Cars technology has changed a lot in the last few decades – a real lot, in fact. If you’ve been alive on this planet for less than 30 years, some of what you are about to read may surprise you. Here’s a list of a few of the automotive features that older folk had to deal with. In some cases, these features were a bit annoying but, in others, older generations may actually miss them.
Radios began creeping into cars in the 1930s, but there was no FM band until the late 1960s. Back then, everyone listened to AM disc jockeys through static and a single, low-fidelity speaker. Now you know why we were all so excited by cassette tapes.
Long before radial tires appeared in the early 1970s, cars and trucks were outfitted with bias-ply tires. Bias-Ply tires had a higher profile and low rolling resistance but provide a fraction of the cornering traction that radial tires do today. Today a very small number of bias-ply tires are still made for the heavy truck industry.
OK, it was quite a while ago but words and phrases that used to be commonplace among the gearhead set were things like: Holley, Carter, Stromberg, Quadrajet, dual quads, Tri-Power, single barrel, two-barrel, four-barrel, etc, etc. These were all words and phrases that described carburetors. These relatively crude devices engine fuel delivery devices weren’t as frugal on gas as today’s fuel injection systems but they were ultra-reliable and cheap to produce. Carburetors are all but extinct on today’s automobiles due to emission regulations.
Breaker one-nine! The folks at Lustine Dodge of Woodbridge, VA tell us that say CBs, or citizens-band radios, became a major cultural phenomenon in the late 1970s. Although this must be hard to imagine, it was just amazing that one could talk to another vehicle “just like a telephone was installed.” And they were popular – wow were they popular. Today, It’s been theorized that CBs were an early form of social media. Well, we’re clear. Ten-four, as the “Bandit” would say.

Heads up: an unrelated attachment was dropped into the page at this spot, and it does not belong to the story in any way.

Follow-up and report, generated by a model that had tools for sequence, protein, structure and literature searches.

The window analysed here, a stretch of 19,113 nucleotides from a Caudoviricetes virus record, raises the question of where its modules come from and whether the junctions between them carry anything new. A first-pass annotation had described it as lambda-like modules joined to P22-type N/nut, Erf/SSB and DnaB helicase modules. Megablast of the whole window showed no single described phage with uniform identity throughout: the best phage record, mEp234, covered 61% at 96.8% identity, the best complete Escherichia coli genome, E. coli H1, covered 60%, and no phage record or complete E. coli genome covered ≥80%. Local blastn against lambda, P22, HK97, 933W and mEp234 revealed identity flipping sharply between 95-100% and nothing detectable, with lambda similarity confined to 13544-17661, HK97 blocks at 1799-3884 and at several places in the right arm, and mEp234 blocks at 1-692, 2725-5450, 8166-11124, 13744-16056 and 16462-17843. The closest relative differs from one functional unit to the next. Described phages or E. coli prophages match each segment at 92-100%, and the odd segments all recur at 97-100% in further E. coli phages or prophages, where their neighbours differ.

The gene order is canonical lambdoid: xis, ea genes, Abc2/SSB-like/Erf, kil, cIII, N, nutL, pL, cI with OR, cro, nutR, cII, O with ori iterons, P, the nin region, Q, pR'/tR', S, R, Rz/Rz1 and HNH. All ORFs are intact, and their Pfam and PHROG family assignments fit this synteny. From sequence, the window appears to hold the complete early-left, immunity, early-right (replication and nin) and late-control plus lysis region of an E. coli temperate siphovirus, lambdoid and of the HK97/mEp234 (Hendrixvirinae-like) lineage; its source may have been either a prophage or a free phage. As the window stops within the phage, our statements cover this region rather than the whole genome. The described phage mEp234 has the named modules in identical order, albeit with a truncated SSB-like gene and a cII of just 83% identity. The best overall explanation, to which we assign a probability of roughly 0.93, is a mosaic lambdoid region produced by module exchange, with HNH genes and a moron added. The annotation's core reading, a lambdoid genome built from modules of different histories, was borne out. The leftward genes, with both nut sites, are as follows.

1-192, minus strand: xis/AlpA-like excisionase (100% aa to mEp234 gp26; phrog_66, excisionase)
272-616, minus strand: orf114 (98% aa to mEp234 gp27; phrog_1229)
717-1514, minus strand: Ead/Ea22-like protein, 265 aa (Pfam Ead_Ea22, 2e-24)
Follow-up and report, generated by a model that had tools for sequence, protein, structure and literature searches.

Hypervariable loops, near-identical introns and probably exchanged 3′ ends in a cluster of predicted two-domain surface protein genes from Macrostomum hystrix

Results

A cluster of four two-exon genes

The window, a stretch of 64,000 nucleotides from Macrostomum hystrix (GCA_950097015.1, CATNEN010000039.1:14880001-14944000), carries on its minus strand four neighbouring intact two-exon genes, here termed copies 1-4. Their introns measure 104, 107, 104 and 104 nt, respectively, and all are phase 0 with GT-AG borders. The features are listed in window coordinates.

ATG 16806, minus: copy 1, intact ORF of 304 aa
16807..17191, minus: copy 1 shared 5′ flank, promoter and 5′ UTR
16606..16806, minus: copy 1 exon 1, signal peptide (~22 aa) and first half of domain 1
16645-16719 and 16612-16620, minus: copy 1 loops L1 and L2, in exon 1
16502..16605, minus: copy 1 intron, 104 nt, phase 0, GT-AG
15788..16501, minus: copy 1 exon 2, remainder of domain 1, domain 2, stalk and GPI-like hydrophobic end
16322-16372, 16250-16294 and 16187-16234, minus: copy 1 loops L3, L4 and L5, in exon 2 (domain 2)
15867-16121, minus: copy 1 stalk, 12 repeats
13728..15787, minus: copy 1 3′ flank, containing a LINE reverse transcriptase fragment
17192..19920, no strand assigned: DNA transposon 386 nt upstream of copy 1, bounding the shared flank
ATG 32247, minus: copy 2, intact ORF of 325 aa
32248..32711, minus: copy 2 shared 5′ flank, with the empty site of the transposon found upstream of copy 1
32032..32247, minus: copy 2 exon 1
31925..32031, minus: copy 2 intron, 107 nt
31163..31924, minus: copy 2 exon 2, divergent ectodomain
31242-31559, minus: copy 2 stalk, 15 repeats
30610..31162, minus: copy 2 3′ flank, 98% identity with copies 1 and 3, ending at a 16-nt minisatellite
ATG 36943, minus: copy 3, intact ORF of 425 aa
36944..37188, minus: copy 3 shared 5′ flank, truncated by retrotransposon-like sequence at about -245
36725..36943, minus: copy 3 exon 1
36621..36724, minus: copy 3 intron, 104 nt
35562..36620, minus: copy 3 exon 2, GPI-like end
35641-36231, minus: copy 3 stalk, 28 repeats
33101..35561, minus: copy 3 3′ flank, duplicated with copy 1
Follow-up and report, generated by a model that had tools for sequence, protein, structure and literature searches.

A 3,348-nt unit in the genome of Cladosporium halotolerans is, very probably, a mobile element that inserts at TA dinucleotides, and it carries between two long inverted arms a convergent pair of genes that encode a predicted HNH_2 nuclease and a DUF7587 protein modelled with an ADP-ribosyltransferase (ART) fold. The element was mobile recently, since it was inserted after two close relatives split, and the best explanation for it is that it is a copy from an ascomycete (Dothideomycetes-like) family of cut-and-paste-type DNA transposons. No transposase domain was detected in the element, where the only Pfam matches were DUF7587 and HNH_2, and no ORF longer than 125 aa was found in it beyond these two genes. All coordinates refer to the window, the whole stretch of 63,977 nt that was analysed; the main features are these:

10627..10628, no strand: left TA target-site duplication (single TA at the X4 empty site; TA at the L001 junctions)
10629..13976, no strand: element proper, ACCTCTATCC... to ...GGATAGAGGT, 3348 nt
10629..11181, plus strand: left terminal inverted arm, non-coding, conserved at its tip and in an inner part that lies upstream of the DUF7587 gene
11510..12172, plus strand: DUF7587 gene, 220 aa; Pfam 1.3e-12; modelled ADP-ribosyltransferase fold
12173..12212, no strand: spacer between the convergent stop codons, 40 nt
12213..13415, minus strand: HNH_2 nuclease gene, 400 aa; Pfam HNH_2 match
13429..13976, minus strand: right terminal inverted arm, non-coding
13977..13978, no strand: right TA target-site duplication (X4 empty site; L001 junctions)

The industry’s last gasp of physical music formats before the digital revolution was compact discs. These small round aluminum discs were considered remarkable by the drivers of the day because they were so compact and you could skip from song to song at will. No more winding and rewinding needed. Although their heyday is long over, some vehicles still come with CD players installed today.
This device, which took the form of a button pulled from the dashboard, enriched a carburetor’s air/fuel mixture for a better hope of starting cold internal-combustion engines. They worked just fine but disappeared when carburetors were phased out. Early examples of classic chokes were manually operated (with the button thing) while later carburetors had automatic chokes installed.
Drum brakes are an old fashioned way to build an automotive braking system. Basically, you have a large cast-iron drum attached to each of the car’s wheels and inside each drum, a set of curved presses against the drum when you want the car to slow down. You can still find a few new cars with drum brakes on their rear axle, but four-wheel drum brakes faded from the norm in the late 1960s. By the early 1970s, nearly every car had discs upfront. Discs have much better resistance to fade—the erosion of braking power due to heat after repeated hard stops.
Eight Track Players
In 1966, Ford Motor Company offered a cutting edge audio technology on certain select models of cars. Called “Eight Tracks,” these audio players used a plastic cassette about the size of a paperback book. Playing a continuous 45 minutes, drivers were finally freed to listen to the music they wanted to instead of what the local disc jockeys offered. Eight track players were eclipsed by Cassette Players in the mid-1970s mainly because their media size (the size of the cassettes themselves) was so much smaller.